Tuesday, January 19, 2016

Join February's Nonfiction Picture Book Event #nf10for10

Our February Nonfiction Event
The calendar just marches on!  It's hard to believe it is already time for February's Nonfiction Picture Book 10 for 10 event (#nf10for10).  This year will be our 4th annual nonfiction event.  I know I'm excited to see the selections and posts about favorite nonfiction titles.

The event will be Friday, February 19th (because 1 + 9 is 10...yes, I know the one is in the tens place, but let's play along with it).  For me, this is always a book gap filling event.  Each year it seems there is a greater emphasis on nonfiction picture books for young readers.  I'm always working to catch up on these titles.  Events like the Nonfiction Picture Book Challenge (#nfpb2016) hosted each Wednesday by Aly Beecher, help me to learn more about these books.  For me, our February 19th community picture event, brings to the front some "must have" nonfiction titles for young readers.

Here are a few examples from past participants:

About #nf10for10
In 2010 Mandy Robek and I hosted our first picture book event.  In 2013, Julie Balen suggested we add a nonfiction picture book event that worked the same.  Participants choose 10 - well, usually 10 (they're a crafty bunch) - nonfiction picture books to share.  On the day of the event, we'll ask that you visit the Google Community site to add your nonfiction link to the 2016 #nf10for10 tab.  We will also suggest that you leave the link on one of our blogs in the comment section, just in case we have to move again.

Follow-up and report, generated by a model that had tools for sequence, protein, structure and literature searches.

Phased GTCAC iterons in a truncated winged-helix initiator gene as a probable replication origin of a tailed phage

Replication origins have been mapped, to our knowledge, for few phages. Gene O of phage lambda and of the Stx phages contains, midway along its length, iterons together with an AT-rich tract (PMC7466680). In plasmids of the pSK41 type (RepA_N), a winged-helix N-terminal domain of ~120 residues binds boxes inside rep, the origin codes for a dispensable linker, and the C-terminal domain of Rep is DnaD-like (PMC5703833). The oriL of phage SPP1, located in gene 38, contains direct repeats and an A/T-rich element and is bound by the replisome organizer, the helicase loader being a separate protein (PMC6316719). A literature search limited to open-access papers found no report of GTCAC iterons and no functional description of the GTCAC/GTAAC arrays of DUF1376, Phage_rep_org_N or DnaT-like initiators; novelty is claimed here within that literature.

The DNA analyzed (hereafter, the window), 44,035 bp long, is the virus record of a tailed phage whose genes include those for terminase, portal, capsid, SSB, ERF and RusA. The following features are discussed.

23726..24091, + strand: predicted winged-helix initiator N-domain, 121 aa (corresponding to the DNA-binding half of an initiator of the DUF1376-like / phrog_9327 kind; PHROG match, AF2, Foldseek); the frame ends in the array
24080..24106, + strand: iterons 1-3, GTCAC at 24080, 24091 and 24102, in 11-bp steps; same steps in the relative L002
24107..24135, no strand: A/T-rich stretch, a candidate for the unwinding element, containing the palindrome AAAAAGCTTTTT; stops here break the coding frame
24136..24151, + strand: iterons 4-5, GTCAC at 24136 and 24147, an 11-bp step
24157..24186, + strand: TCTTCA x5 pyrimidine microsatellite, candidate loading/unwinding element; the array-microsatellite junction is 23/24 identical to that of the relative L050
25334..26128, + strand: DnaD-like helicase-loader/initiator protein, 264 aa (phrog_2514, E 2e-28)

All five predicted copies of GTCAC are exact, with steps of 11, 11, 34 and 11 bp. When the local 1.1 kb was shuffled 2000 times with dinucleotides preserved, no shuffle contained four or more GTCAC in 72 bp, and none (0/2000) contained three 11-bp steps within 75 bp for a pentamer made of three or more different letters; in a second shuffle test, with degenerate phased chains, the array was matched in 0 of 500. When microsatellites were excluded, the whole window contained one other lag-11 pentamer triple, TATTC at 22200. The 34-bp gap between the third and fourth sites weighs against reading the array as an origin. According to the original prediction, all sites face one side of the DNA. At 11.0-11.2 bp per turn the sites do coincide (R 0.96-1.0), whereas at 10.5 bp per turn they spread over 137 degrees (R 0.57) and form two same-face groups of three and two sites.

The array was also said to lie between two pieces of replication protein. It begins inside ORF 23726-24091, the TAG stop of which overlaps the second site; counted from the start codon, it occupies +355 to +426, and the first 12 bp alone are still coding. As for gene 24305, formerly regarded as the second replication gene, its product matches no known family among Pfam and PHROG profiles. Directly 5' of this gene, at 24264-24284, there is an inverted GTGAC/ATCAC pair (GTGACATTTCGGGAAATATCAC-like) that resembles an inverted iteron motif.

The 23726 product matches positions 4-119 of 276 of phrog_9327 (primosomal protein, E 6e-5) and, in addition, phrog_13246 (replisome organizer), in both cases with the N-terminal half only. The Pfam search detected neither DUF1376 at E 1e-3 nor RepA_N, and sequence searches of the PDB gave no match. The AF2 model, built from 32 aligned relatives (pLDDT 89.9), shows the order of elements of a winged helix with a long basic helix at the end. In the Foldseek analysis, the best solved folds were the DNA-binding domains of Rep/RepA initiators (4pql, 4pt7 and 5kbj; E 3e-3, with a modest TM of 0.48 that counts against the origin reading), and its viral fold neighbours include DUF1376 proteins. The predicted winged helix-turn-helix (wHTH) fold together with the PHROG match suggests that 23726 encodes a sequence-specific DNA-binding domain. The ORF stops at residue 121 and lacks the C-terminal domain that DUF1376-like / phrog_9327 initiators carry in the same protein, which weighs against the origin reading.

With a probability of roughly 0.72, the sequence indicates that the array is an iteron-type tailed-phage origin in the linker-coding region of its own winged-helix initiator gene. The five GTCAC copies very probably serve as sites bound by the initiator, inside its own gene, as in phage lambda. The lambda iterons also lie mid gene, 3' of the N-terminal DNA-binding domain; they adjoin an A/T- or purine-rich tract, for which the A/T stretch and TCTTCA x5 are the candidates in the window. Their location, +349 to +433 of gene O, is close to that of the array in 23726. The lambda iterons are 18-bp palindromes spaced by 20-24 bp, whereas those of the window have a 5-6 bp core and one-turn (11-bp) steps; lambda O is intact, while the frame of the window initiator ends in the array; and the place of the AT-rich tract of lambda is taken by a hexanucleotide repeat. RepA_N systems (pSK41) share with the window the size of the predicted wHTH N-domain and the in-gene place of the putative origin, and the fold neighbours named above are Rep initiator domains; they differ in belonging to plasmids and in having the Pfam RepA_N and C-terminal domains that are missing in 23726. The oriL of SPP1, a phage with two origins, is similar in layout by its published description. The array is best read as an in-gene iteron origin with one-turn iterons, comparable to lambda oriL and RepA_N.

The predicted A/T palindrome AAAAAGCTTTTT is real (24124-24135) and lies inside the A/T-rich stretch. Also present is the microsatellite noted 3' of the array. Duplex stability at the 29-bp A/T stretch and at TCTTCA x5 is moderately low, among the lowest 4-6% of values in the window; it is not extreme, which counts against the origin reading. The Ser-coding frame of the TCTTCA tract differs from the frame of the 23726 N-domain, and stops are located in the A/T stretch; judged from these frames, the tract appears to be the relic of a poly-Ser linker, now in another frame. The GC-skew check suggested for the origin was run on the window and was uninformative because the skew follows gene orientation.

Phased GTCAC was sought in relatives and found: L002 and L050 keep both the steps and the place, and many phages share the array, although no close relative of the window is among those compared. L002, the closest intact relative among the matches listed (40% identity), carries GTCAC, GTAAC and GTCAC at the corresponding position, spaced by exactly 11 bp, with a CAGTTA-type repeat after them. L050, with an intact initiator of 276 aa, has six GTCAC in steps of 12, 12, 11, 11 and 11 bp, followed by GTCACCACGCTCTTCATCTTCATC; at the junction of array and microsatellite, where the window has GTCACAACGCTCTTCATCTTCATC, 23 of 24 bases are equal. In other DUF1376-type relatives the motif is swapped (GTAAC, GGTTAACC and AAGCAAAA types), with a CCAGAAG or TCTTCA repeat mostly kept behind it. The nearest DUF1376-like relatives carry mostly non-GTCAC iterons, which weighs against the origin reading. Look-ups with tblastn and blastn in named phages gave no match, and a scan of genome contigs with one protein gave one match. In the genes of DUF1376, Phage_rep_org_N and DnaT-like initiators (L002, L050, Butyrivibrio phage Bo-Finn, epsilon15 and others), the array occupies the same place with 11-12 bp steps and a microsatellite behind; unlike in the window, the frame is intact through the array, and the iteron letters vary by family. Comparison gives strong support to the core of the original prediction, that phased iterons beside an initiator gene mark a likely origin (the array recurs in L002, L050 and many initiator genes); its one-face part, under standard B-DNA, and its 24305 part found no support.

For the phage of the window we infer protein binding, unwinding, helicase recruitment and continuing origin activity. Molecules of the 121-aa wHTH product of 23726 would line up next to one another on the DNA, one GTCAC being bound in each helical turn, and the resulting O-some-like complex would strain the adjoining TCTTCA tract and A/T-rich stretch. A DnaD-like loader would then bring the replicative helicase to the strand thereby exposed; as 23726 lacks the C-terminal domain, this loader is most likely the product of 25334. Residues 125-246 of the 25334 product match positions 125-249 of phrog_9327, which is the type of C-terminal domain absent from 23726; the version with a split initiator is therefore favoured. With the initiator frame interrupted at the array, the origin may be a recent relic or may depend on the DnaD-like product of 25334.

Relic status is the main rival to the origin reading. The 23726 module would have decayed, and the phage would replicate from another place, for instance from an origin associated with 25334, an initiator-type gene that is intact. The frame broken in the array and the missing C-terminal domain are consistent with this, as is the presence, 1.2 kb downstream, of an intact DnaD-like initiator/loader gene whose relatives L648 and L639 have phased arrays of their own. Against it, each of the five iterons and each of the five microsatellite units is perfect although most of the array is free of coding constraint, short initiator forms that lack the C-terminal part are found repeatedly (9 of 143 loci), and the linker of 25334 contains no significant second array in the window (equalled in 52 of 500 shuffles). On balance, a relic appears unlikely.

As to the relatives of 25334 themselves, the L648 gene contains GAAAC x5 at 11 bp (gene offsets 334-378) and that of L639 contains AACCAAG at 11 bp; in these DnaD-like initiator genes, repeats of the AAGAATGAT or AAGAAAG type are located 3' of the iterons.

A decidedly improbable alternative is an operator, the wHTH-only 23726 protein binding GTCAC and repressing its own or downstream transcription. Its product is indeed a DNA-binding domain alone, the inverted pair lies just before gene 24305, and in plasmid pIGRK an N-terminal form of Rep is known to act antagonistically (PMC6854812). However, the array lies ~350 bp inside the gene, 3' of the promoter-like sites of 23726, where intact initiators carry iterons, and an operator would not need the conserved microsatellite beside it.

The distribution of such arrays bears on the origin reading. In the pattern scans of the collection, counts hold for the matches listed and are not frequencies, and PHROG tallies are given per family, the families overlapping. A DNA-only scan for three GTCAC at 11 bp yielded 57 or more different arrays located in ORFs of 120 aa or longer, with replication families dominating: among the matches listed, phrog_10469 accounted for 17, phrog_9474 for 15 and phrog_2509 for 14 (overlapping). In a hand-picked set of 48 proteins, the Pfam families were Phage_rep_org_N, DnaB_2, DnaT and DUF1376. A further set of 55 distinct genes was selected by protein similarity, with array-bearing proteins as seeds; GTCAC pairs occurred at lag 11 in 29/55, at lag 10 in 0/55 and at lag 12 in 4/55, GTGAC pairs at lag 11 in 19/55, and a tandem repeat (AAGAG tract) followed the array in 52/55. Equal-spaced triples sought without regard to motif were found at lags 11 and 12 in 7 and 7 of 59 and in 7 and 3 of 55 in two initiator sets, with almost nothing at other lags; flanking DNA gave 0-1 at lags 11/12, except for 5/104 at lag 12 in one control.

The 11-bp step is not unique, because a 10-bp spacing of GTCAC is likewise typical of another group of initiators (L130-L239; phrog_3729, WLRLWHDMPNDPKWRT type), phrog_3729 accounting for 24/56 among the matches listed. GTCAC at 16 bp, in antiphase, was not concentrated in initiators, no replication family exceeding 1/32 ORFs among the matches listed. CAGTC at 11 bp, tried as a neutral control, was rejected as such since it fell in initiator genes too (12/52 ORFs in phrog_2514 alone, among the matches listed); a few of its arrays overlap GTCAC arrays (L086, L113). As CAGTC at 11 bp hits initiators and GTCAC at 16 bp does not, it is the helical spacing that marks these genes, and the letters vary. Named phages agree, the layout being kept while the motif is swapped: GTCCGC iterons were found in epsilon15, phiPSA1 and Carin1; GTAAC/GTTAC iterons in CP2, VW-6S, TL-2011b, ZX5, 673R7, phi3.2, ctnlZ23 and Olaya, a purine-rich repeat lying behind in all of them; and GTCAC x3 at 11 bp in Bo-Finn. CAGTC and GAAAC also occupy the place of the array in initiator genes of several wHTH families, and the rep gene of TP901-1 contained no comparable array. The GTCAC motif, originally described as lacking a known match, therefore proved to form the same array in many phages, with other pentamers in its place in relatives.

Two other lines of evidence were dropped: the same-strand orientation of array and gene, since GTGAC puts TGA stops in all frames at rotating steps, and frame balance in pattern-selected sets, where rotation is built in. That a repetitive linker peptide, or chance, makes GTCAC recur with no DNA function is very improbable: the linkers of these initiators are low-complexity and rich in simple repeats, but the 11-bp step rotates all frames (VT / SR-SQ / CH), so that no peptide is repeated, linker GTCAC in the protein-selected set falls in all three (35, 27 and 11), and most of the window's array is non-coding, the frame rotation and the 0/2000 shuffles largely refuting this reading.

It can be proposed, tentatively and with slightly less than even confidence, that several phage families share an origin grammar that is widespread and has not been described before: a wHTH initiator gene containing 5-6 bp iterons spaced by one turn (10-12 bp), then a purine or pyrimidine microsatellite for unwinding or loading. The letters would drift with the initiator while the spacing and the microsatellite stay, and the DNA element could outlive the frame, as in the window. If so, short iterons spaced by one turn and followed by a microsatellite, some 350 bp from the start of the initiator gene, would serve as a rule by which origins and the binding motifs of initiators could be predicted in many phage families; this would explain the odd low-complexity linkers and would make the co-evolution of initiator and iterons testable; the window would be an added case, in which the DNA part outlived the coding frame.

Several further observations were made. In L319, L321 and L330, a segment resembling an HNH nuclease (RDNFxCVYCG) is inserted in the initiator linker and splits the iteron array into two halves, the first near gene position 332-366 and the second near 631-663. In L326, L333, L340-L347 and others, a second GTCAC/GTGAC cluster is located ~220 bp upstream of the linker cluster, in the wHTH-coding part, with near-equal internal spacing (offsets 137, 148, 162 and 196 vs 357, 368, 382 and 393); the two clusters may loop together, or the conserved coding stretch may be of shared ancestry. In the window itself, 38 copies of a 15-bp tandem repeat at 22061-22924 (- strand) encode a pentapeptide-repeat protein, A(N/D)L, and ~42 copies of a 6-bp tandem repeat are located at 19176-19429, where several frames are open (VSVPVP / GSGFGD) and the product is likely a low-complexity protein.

• What:  10 nonfiction picture books you can't live without.
  • Hashtag:  #nf10for10
  • Who:  Anyone interested --- educators, media specialists, librarians, parents, and book lovers.  
  • When:  Thursday, February 19th
  • Where:  All posts will be linked on the 2016 #nf10for10 page of our Picture Book 10 for 10 Google Community Site.  
Start sorting through your collections to find your favorite titles and join us in one month as we share 10 nonfiction picture books we just can't live without.  Feel free to grab the #nf10for10 button and spread the word.  

In the meantime, please feel free to browse our home.  Send a request to join our community.  If you have participated in the past, we'd love it if you would add your old posts to the correct tab in the community.  We are hoping to recreate the resources the best we can.  

Sunday, January 10, 2016

DigiLit Sunday: Join the Digital Maker Playground...Reader Response Focused

I'm curled up on the couch by my sliding glass doors watching a rainy snowy mix fall to the ground.  I pull my blanket a little more tightly around me as the wind outside whistles.  This is the perfect day to play on the playground.


Have I gone crazy?

This is the perfect day to play on, not any playground but, the Digital Maker Playground.  The playground opens January 19th and we're hoping you'll join us.  The Digital Maker Playground isn't your typical professional development opportunity.  Instead it is a place where learners join together from around the globe virtually to consider, and work through, the new possibilities in literacy thanks to digital spaces.  This opportunity allows you to work from wherever you'd like, in times that work best for your schedule, while still connecting with others around a common goal.